The mistakes investors make
An investor is someone who takes risks with their capital with a view to reward. At a time when the eyes of a man with significant sums in cash for the last five years are as empty and lifeless as a boarded up cinema in a town called Misery, taking risks with their money might be new to some readers. In this article, I aim to point out a few of the mistakes/pitfalls to avoid. I stress that doing so is not always easy – a little like avoiding potholes in the dark – so the following could perhaps be seen as my attempt at providing headlights!
Panic: the most natural reaction to bad news. However, selling at the worst news is often selling at the lowest (or very near) point. Once markets have got to panic stations, it is usually a good time to buy, for the longer term investor. A good maxim to go by is to be greedy when others are fearful...
Hindsight vs. foresight: Sir Winston Churchill said that “if we don’t learn from history we don’t learn anything”, and our regulators remind us daily that past performance is no guide to the future. However, balance is key. When we drive, we use the windscreen a lot more than the rear-view mirror, but both are essential to a safe journey. That’s probably the balance to aim for: look ahead more, and learn from what is behind us.
Anchoring: a very specific term which, for investors, refers to the tendency to use facts or events that are known to them, even if not relevant to what they are dealing with. An example would be that we made money by following a particular fund manager for 18 months, then sold, at a profit. When asked five years later what we know of him, we say he is great – despite not knowing what he has done in the intervening years.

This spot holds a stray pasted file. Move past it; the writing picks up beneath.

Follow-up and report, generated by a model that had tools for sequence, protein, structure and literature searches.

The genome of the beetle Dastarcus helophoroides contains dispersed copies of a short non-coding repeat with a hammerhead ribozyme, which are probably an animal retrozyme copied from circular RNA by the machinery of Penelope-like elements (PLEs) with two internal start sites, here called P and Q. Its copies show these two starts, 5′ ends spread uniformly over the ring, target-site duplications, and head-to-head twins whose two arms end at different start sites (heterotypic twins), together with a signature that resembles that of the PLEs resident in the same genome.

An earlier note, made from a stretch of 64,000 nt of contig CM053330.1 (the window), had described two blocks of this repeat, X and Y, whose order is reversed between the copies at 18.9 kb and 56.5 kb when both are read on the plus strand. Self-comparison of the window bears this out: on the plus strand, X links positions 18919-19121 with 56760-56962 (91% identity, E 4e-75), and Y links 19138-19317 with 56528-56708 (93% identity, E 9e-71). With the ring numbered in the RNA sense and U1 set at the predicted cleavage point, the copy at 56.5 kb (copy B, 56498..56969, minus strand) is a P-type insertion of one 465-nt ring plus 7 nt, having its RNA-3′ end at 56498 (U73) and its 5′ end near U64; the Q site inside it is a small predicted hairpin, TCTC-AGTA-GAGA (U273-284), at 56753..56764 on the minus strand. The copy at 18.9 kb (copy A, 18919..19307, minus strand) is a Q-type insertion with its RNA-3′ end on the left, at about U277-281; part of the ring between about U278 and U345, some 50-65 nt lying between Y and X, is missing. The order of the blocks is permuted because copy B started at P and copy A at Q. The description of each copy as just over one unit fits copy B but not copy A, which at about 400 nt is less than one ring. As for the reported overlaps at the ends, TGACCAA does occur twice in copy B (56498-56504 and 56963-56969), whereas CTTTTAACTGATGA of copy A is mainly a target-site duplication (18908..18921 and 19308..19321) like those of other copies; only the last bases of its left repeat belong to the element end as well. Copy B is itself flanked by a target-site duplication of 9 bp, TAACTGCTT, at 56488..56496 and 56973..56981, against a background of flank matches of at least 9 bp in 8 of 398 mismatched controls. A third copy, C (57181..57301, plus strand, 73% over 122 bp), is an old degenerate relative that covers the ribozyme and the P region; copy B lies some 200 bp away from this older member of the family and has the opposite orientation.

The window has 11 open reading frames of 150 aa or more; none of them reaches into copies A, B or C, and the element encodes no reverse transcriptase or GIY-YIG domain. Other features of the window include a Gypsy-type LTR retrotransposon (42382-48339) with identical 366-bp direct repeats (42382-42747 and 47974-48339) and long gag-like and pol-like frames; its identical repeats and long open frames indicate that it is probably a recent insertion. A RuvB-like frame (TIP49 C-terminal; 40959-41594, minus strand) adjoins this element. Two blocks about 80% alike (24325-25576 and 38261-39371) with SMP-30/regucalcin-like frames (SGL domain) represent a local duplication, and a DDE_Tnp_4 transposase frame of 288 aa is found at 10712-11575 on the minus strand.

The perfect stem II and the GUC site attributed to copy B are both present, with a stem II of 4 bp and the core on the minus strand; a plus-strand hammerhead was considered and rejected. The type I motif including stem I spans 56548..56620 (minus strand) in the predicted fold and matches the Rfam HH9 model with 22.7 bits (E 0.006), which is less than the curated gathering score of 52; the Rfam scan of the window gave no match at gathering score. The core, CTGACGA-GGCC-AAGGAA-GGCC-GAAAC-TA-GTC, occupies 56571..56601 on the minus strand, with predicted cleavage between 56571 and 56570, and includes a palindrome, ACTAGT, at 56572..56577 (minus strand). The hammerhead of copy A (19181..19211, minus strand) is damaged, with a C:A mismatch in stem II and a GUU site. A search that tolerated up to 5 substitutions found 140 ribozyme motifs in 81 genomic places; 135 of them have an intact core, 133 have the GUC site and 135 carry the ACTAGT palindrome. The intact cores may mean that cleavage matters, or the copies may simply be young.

Trying to catch a falling knife: essentially trying to buy (typically an equity) at the bottom. This is almost impossible to do, especially if the price has downward momentum. The 'knife' can continue falling, bounce or rebound, or in fact never recover.
Following the herd: I like to describe investing with the herd, effectively doing so without due consideration, as like a Cyclops running down Herd Street whilst a Unicorn gallops down Blind Alley: i.e. an accident waiting to happen!
Not monitoring risk – it changes!: depending on what we mean by risk, making sure we understand it is surely vital. I have met plenty of people who describe themselves as “cautious” only to find they own very high-risk investments for one simple reason: they don’t (and didn’t ever) understand the risks.
By Simon Gibson, Director